NTSB solves mysteries of fatal Tesla crash without anyone behind the wheel
- February 13, 2023
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National Transportation Safety Board investigators have apparently solved the mystery of why no one was found behind the wheel of a Tesla that crashed in Texas two years ago, killing two men.
The agency said in an investigative report released Wednesday into the April 17, 2021 fiery crash in the Houston suburb of Spring that the 59-year-old Tesla driver appeared to have gone into the back seat after crashing into the front airbag of the car banged and the steering wheel was deformed in the crash.
CBS affiliate KHOU-TV identified the victims as Dr. William Varner and Everette Talbot. The vehicle was Varner’s 2019 Tesla Model S P100D, the broadcaster reported.
Although the accident raised questions about whether the car was operating on Tesla’s Autopilot semi-automated driving system, the NTSB determined that the system could not have been used on the road where the accident occurred due to a lack of lane lines. Tests showed the car’s Traffic Aware Cruise Control system could have been used, although it would only work up to the suburban road speed limit of 30 mph, the report said.
The Tesla reached 67mph for two seconds before hitting the second of two trees at 57mph before being consumed by flames as the lithium-ion battery caught fire.
Tesla’s event data recorder showed that the gas pedal was moving “consistently with driver activity” in the five seconds before the impact and that the driver’s seat belt was on when the impact happened.
“Although the driver’s seat was found vacant and the driver was found in the left rear seat, available evidence indicates that the driver was in the driver’s seat at the time of the accident and moved to the rear seat after the accident,” the report said.
The agency determined that speeding and failure to control the car due to alcohol impairment caused the accident. The report says tests by a Federal Aviation Administration lab showed the driver had a blood alcohol level of 0.151 grams per deciliter, nearly double the Texas legal limit of 0.08. According to the report, two over-the-counter sedating antihistamines were also found in the driver’s blood.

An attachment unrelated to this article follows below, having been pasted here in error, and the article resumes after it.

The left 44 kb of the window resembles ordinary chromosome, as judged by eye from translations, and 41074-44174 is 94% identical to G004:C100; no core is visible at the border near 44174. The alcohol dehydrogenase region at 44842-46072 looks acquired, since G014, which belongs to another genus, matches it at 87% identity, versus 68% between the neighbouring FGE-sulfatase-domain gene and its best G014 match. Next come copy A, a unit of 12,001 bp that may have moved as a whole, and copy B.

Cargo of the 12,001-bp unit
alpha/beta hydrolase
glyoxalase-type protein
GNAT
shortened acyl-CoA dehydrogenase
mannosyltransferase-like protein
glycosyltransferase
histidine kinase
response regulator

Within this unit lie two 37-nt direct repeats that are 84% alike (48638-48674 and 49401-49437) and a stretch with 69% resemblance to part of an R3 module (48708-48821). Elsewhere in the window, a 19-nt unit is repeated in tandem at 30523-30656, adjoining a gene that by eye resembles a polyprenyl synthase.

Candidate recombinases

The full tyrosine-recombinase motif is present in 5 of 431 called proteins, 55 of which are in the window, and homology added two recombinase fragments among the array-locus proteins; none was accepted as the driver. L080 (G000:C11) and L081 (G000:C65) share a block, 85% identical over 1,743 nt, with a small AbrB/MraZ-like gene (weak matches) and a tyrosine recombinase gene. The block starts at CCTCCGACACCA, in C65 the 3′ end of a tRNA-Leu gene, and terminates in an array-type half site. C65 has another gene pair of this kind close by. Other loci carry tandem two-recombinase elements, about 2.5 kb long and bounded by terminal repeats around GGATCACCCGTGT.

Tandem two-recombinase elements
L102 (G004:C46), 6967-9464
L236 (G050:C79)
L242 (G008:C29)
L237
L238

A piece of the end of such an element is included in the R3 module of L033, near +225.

Autopsies revealed the driver died from blunt trauma, burns and smoke inhalation. The 69-year-old male passenger died from blunt force trauma to the torso and extremities and burns, the report said.
The agency said security video from the driver’s home showed the driver and front passenger climbing into the front seats before driving away from the home. The car went about 550 feet before turning off the road, hitting a storm channel inlet and a raised manhole, and sidestepping a tree before hitting another, the agency said.
The day after, Harris County Precinct 4 Cop Mark Herman reported that it took firefighters nearly four hours and more than 30,000 gallons of water to put out the blaze, CBS affiliate KHOU-TV reported.
In its new report, the NTSB recommended that manufacturers of electric vehicles equipped with high-voltage batteries provide guides to help firefighters.
“Publishing the emergency guides in a clear, consistent format would improve their usefulness to responders and make it quicker and easier to find the information they need,” the report said.
Two men die in Tesla Model S fire
“[Investigators] We are 100 percent confident that no one was in the driver’s seat of this vehicle at the time of impact,” said Harris County District 4 Police Officer Mark Herman. “They are positive.” #KHOU11 pic.twitter.com/eQMwpSMLt2
— Matt Dougherty (@MattKHOU) April 18, 2021